FALLS in grain prices in line with declines in the broader market may only be temporary with the focus to return to the fundamental shortage of available grain.
Rabobank Australia's general manager of research Stefan Vogel said recent drops in grain prices had been sparked by a sell-off in commodities by funds exiting their futures position.
However, speaking at the Australian Grains Industry Conference last month Mr Vogel said that while there were fears of a global recession history showed that food consumption was not necessarily linked to the broader economy.
"In the past we haven't seen big changes in food consumption even with global recessions," Mr Vogel said.
"If we're to really see prices come back we'd need to see a massive cutback in grain consumption, you just can't take out the 10-15 million tonnes missing due to the Black Sea conflict and not have an impact," he said.
He said the situation was different to other highly volatile periods, such as 2008-09.
"In that instant the market was guilty of completely misjudging the size of the crop, which was later revised upwards, I don't think we are misjudging the production outlook so dramatically this time around."
Mr Vogel said one key point being pushed by those with bearish sentiments was the good outlook in Russia.
He said he was not convinced about the high official crop forecasts coming out of the Russian government.
"How do Russian analysts define Russia these days, are areas in Ukraine such as Donetsk currently under Russian occupation considered Russian?" he questioned.
"I have no proof but there is more than a chance that these areas are being counted twice, which brings actual supplies down."
Mr Vogel also said he had doubts about getting grain out of Ukraine in meaningful volumes.
"We've seen a fall in shipments for the 2021-22 marketing year but this is set to drop by much more in the 2022-23 season, the 2021 crop export program was largely over the hump when the conflict hit."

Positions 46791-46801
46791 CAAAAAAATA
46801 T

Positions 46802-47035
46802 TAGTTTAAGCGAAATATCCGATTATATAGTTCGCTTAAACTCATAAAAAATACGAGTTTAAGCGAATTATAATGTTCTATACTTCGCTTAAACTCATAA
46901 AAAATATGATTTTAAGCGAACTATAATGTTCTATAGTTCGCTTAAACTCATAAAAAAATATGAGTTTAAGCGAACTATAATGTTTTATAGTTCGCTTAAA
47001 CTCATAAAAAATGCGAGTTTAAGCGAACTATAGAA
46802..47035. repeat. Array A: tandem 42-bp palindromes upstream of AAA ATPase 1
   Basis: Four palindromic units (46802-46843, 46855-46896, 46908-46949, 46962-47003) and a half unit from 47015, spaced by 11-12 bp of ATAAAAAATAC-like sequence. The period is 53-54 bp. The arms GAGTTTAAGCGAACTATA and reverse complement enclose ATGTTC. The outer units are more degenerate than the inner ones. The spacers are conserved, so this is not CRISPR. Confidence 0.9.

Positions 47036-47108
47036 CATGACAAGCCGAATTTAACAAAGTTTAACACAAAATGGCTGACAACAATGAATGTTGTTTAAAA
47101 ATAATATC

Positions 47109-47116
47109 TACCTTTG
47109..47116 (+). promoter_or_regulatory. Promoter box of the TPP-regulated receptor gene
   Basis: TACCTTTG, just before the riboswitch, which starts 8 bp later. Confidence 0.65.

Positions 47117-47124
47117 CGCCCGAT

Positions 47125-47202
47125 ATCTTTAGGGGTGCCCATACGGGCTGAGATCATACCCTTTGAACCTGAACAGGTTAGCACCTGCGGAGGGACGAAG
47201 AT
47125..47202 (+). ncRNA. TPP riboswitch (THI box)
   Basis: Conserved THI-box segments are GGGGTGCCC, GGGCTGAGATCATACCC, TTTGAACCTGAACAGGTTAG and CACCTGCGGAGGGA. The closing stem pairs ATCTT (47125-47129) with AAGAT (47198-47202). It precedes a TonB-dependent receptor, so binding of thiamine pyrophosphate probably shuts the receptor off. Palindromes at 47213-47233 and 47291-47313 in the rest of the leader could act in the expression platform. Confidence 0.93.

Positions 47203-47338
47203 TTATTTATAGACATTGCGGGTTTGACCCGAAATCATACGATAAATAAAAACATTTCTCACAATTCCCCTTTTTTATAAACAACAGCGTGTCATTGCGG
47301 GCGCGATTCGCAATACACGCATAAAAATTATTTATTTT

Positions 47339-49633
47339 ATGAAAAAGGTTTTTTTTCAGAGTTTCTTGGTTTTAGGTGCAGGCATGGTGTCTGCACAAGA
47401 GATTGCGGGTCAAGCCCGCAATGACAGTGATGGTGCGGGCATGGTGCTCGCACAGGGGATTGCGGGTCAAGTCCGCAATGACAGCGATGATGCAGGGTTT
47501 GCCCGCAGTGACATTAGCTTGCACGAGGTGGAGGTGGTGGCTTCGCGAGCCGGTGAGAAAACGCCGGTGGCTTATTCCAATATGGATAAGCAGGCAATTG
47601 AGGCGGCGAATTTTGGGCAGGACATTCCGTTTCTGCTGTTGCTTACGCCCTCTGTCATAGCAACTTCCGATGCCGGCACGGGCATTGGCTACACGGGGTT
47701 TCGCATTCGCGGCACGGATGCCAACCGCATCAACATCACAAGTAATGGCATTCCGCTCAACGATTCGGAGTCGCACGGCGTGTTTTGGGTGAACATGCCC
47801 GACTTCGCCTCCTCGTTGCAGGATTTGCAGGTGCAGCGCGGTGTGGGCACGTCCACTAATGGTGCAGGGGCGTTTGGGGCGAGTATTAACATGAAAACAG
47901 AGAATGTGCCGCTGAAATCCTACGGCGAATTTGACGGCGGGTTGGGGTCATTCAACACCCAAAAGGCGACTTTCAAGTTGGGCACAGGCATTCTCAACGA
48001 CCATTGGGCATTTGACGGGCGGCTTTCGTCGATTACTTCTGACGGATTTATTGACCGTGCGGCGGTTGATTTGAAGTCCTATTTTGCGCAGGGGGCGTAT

Mr Vogel also highlighted the risk of grain being weaponised as part of the Russia / Ukraine conflict.
"Food can be used as a weapon, Russia could hold back grain which would create food security issues in a number of countries."
Looking further out, Mr Vogel said while there was a move towards electric vehicles and a slow phasing out of the combustion engine he did not see demand for grain from the biofuel sector to fall off the edge of a cliff.
"Bans on the use of less sustainable products such as palm oil will be of benefit for industries such as canola."
"While land-based use of biofuels may drop you might see it increase in areas such as aviation or marine transport.
"At present in Europe there is legislation that aviation fuel cannot be plant based if that were to change it could create extra demand for canola."
Grain markets have largely traded sideways in recent weeks as investors look for a solid lead up or down.
There remain ongoing concerns about dryness in key wheat growing regions such as Europe and parts of the US and southern Canada while India removing import duties is being seen as a sign the subcontinental nation is likely to be an importer, rather than exporter of wheat this year.
On the other hand, loads continue to move out of Ukraine and Russian crop estimates continue to rise.